Show Figures

Figure 1

12 pages, 1022 KiB  
Systematic Review
Analysis of the Structural Characteristics and Psychometric Properties of the Pelvic Floor Bother Questionnaire (PFBQ): A Systematic Review
by Guadalupe Molina-Torres, Leticia Amiano-López, Marta María Córdoba-Peláez, Alfonso Javier Ibáñez-Vera and Esther Diaz-Mohedo
J. Clin. Med. 2022, 11(23), 7075; https://doi.org/10.3390/jcm11237075 - 29 Nov 2022
Cited by 2 | Viewed by 1120
Abstract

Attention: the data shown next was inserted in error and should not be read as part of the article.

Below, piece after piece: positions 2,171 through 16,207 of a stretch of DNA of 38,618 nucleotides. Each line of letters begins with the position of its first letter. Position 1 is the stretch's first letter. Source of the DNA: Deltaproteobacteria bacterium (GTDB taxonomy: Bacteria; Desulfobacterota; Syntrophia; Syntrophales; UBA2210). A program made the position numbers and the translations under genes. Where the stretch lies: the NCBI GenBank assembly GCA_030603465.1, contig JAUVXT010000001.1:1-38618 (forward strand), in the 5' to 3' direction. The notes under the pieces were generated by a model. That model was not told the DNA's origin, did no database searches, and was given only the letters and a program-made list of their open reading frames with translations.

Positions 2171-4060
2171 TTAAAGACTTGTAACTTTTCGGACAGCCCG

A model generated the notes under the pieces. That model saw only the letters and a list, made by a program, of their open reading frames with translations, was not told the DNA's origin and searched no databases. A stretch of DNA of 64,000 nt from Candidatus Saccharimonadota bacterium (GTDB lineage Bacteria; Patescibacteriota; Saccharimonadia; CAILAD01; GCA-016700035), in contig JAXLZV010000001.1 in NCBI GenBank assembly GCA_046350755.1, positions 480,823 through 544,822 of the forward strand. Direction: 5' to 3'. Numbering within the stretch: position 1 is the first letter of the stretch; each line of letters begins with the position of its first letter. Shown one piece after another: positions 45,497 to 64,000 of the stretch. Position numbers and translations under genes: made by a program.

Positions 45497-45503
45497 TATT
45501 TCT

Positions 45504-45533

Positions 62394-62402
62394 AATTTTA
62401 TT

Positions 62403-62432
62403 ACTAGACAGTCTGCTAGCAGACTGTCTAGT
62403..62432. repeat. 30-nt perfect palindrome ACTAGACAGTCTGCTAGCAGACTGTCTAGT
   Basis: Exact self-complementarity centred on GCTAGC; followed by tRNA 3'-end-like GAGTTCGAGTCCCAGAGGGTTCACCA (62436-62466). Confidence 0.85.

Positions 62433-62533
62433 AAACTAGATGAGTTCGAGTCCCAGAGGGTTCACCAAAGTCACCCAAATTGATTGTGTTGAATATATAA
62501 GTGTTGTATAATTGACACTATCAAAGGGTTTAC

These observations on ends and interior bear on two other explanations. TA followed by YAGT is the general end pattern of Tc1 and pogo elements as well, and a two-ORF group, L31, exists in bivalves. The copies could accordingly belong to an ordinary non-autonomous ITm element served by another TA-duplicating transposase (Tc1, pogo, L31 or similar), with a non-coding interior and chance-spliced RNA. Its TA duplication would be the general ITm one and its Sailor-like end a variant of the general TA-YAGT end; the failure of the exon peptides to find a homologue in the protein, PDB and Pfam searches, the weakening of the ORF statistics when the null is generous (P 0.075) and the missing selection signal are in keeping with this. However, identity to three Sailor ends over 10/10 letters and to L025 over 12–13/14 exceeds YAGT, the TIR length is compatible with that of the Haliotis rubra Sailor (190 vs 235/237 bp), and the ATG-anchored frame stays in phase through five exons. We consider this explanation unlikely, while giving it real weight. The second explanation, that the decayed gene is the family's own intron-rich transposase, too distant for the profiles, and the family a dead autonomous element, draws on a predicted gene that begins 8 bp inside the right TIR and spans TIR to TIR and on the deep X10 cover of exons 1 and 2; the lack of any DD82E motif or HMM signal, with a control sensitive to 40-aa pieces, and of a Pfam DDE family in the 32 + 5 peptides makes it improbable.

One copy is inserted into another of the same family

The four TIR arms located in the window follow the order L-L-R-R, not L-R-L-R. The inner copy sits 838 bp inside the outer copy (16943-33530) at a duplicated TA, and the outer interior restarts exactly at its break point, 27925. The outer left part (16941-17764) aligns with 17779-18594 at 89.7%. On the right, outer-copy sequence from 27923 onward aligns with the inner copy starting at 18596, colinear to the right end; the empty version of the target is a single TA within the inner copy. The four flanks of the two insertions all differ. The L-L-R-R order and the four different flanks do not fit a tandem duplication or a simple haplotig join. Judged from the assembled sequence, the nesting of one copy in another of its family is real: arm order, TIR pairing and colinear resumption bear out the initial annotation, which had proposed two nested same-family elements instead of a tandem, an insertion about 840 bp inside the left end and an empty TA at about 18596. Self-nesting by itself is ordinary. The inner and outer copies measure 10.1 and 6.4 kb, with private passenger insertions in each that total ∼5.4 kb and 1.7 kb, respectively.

Background: The Pelvic Floor Bother Questionnaire is a validated and reliable questionnaire that studies the presence and degree of pelvic floor discomfort, providing a global vision of pelvic floor dysfunction. This questionnaire assesses urinary stress incontinence, urinary urgency, urinary frequency, urge urinary incontinence, [...] Read more.